When he departed the United States a couple of years ago, Dino took down his homepage on the internet. His many fans will be pleased to know that he now once again has a web site at www.geocities.com/dinumuradian/

Dino also has works exhibited in the Dino Muradian Salon in the E-Museum of Pyrographic Art.

Dino's work was first featured on line in the WOM's premier issue in January of 1997 in an article on Pyrography as Fine Art: An Interview with Dino Muradian.

Closing Thoughts

Dino's goals for the future include a wish and the will to work big, large pieces. He enjoys the challenge of special commissions, particularly the large pieces and large projects. He is already looking forward to new opportunities. He says that, as long as he has DHL Express, he can work anywhere, anytime on custom work.

Dino's final 'words of wisdom': "To succeed in anything, you have to ... take it seriously, even if that anything is 'woodburning'."

Book Review:
Step-by-Step Pyrography Projects
for the Solid Point Machine

by Norma Gregory

Step-by-Step Pyrography Projects:
For the Solid Point Machine

by Norma Gregory

Norma Gregory's first book Pyrography Designs reviewed in an earlier Pyrograffiti--is essentially a collection of designs appropriate for decorative art pyrographic artists of varying skill levels. The designs are accompanied by a limited set of instructions, including some for color and finishing.

Norma Gregory's second book pictured above, entitled Step-by-Step Pyrography Projects for the Solid Point Machine seems really a "prequel" to her first because it has fewer designs and more detailed instructions for beginner and more advanced projects. It provides patterns for each project demonstrated as well as for the pieces shown in the enjoyable gallery chapter at the end of the book.

As the title indicates, Norma uses and obviously prefers a (Janik) solid point tool that she refers to throughout her new book, which has many color pictures, and even shows how to do some projects that were pictured as finished pieces in her earlier book (including the one on the cover of her first book).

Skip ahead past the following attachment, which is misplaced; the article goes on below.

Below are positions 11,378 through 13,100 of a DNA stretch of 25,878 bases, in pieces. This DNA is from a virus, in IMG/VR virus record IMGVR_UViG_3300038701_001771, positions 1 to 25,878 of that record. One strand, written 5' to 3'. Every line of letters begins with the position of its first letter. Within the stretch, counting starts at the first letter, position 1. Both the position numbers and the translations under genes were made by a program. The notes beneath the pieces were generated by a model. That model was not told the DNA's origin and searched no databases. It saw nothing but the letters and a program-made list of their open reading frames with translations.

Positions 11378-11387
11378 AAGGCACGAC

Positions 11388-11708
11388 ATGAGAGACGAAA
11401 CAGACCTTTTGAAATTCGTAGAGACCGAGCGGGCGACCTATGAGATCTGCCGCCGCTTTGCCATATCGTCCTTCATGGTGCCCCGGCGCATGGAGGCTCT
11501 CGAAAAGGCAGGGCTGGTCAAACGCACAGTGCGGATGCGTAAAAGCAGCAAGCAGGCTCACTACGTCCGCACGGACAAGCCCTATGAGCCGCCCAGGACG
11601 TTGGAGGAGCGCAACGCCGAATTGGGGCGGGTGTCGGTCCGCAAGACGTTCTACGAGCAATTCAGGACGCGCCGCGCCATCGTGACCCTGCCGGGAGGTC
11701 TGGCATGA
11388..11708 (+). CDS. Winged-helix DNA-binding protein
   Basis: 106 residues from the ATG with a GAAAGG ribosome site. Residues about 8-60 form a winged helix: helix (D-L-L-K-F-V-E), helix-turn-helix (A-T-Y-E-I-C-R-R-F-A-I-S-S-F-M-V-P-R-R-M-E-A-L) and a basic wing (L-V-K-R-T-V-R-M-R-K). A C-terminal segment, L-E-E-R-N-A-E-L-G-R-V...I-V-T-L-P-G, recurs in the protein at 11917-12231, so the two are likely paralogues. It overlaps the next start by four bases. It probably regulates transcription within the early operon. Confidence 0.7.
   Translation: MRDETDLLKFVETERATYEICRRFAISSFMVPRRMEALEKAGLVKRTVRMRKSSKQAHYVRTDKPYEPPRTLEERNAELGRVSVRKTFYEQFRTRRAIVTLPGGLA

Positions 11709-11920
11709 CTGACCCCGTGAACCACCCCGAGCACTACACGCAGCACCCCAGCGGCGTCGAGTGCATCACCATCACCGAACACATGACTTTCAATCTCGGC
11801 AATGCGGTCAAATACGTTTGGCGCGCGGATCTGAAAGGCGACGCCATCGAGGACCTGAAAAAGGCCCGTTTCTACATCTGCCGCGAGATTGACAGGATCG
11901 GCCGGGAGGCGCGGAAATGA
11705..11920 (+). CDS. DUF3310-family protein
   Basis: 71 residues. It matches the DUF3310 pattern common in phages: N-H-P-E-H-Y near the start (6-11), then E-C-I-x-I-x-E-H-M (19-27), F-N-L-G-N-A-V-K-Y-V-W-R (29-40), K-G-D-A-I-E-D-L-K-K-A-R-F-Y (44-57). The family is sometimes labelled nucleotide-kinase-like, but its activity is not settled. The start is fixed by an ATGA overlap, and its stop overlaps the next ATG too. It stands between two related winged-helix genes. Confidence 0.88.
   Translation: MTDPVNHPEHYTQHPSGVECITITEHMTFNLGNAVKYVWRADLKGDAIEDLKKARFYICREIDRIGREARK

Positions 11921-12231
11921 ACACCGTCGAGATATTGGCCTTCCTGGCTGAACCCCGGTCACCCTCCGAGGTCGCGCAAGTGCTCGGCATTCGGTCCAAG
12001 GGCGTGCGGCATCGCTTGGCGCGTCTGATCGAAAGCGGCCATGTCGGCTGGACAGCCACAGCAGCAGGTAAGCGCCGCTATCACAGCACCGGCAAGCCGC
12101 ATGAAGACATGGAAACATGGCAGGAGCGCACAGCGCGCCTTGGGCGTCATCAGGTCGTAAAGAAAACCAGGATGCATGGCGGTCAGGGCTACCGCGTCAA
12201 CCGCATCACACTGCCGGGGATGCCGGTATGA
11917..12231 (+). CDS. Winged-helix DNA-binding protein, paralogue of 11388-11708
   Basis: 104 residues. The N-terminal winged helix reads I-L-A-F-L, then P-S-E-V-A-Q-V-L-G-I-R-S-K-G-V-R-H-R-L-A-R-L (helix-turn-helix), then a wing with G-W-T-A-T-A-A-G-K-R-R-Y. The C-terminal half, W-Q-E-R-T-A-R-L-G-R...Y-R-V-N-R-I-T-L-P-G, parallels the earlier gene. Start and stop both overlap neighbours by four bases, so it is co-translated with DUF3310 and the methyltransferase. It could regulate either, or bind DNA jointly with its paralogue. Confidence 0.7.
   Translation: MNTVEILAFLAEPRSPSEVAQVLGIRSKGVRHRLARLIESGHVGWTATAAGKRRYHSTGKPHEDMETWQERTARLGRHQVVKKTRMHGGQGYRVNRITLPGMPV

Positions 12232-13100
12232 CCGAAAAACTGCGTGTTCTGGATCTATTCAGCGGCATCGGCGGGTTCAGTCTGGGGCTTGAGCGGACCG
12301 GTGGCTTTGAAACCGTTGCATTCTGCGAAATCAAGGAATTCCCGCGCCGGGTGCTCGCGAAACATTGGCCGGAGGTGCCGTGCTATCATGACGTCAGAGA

If anything is surprising about Norma Gregory's writing this new book, it is that she didn't write it until now. Her biography indicates that she has been teaching art and pyrography extensively for some years to a variety of groups, "including women's groups, scout troops and young farmers."

The last piece in the book (the only one with neither pattern nor instructions) is most interesting--a beautiful octagonal chess table designed by Adrian Admanson. Roy Hamilton's twelve pyrography panels depict scenes from the life of King Arthur with one flanking each of the four sides of the chessboard in the center and one on each of the eight sides of the table itself, which was made by inmates at the Craft and Design Workshop of a prison where Norma Gregory also teaches pyrography.

Sue Walter's Newsletter--Smokin'!

by Sue Walters

Now with already her third newsletter on line, Sue Walters had the following to say in an interview about this latest successful endeavor of hers:

"Well....I'm actually a BIG believer that sharing art techniques and news is a wonderful way of encouraging and inspiring the new people in our medium. More than that, it demystifies the process, techniques, and possibilities with the serious and amateur pyrographer alike. I'd like everyone to know all the possibilities, not just mine, but all.

There are a thousand books on watercolour painting, and this knowledge only helps that medium better itself. There are thousands upon thousands more watercolour artists than us. I don't think this competition is at all bad for their art because I am a believer that you will never know how fast you can run unless you compete against others...and that can only be good for pushing the standard...to get us seriously taken."

The special appeal Sue's newsletters hold for her many fans is the opportunity they provide for learning Sue's tips and techniques and those of other well known artists she features there.

Because Sue was already so well known among pyrographic artists both for her own much admired work as well as the helpful and expert advice she has so generously offered over the years to any and all through the IAPA message board, this newsletter of hers was indeed welcomed "with open arms" by all.

Subscription to it is free, and anyone wishing to subscribe need only go to www.suewalters.com linked here, to sign up.

Follow Sue's tagua elephant's nose (below) to page three of this Pyrograffiti 19 for more article segments, including one about Tom Schulz bringing more good news from Alaska. As part of that segment you will see another link to Sue's latest newsletter (#3) where she features details of Tom's work and techniques.

Click here to go to page three >>>

<<< Click here to go back to page one

2002, Kathleen M. Garvey Menéndez, all rights reserved.